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Re: [scrumdevelopment] Use Cases?

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  • George Dinwiddie
    Hi, Sakendrick, ... If you re /good/ at use cases (and my experience is most places aren t), then I seen no reason why you can t continue to use them. Use
    Message 1 of 73 , Nov 2, 2010
      Hi, Sakendrick,

      On 11/2/10 10:32 PM, sakendrick wrote:
      > Do use cases have a place in scrum? My intuition is that if a user
      > story is written correctly, that should be enough to drive discussion
      > and collaboration, and enough for the development of test cases. But
      > is there a void between user stories and test cases that requires use
      > cases since the user story only focuses on the "what"?

      If you're /good/ at use cases (and my experience is most places aren't),
      then I seen no reason why you can't continue to use them. Use cases can
      be helpful in making sure that you've covered all the important flows.
      They can also be terribly confusing to business people (and sometimes to
      technical people, too).

      You'll still want to come up with test cases that cover all the flows of
      the use case, and often covering just a part of a flow. These can be
      bundled in small groups (1 to 3 might be a good number) and used as the
      acceptance criteria for stories.

      > Curious what people are practicing... I've read several articles with
      > mixed opinions on this - some state that user story and use cases are
      > just different methods of communicating requirements or expectations
      > (use one or the other), where as other say they are different animals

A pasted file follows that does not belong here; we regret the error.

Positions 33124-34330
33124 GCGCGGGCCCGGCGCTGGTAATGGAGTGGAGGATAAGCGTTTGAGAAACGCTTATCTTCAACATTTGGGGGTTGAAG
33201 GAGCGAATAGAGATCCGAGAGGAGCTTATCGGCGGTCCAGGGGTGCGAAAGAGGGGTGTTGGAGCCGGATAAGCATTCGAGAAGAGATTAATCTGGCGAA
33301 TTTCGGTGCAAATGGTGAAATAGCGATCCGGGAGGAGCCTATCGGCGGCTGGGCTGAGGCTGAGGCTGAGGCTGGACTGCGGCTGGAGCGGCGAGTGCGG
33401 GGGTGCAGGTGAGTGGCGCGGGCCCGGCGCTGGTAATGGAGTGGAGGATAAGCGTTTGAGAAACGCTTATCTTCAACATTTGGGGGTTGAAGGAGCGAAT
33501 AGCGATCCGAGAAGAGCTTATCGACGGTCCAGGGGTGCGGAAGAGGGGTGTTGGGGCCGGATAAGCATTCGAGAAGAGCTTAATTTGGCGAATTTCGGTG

> and in some situations you need the detailed use cases.

      In what situations would you need detailed use cases, and why?

      - George

      Nov 15-16 Agile Testing Workshop in Orlando
      * George Dinwiddie * http://blog.gdinwiddie.com
      Software Development http://www.idiacomputing.com
      Consultant and Coach http://www.agilemaryland.org
    • Charles Bradley - Scrum Coach, CSM, PSM I
      Oh, I m sorry, when I said I wanted it to take off like a helicopter, I meant take off like a helicopter from a warzone, where we can carry troops and
      Message 73 of 73 , Nov 9, 2010
        "Oh, I'm sorry, when I said I wanted it to 'take off like a helicopter,' I meant 'take off like a helicopter from a warzone, where we can carry troops and equipment.'

        And there's the rub.  The devil is in the details, and sometimes those details means we're off the mark (Harrier vs. Osprey) or things take much longer than anticipated (Osprey).

        Someone else made a point here recently about how it's extremely important to a) get to the details, by having the CEO appoint a point person and b) make sure you loop in the CEO iteratively and intelligently (respecting his time) so he can head off any incorrect interpretation of his vision.

        I'm not against vision, but a vision is not a "software requirement".  Further, a vision is not easily testable, nor is a business requirement, because they often lack the key ingredient of system behavior that you can test against.


        From: Ron Jeffries <ronjeffries@...>
        To: scrumdevelopment@yahoogroups.com
        Sent: Mon, November 8, 2010 6:46:06 PM
        Subject: Re: [scrumdevelopment] Re: Use Cases?


        Hello, PSM. On Monday, November 8, 2010, at 4:09:51 PM, you wrote:

        > "I want a plane, that also can take off like a helicopter. You guys/gals are
        > smart people, so you can do that, right?"


        Ron Jeffries
        Without practice, no emergence. -- Dougen Zenji

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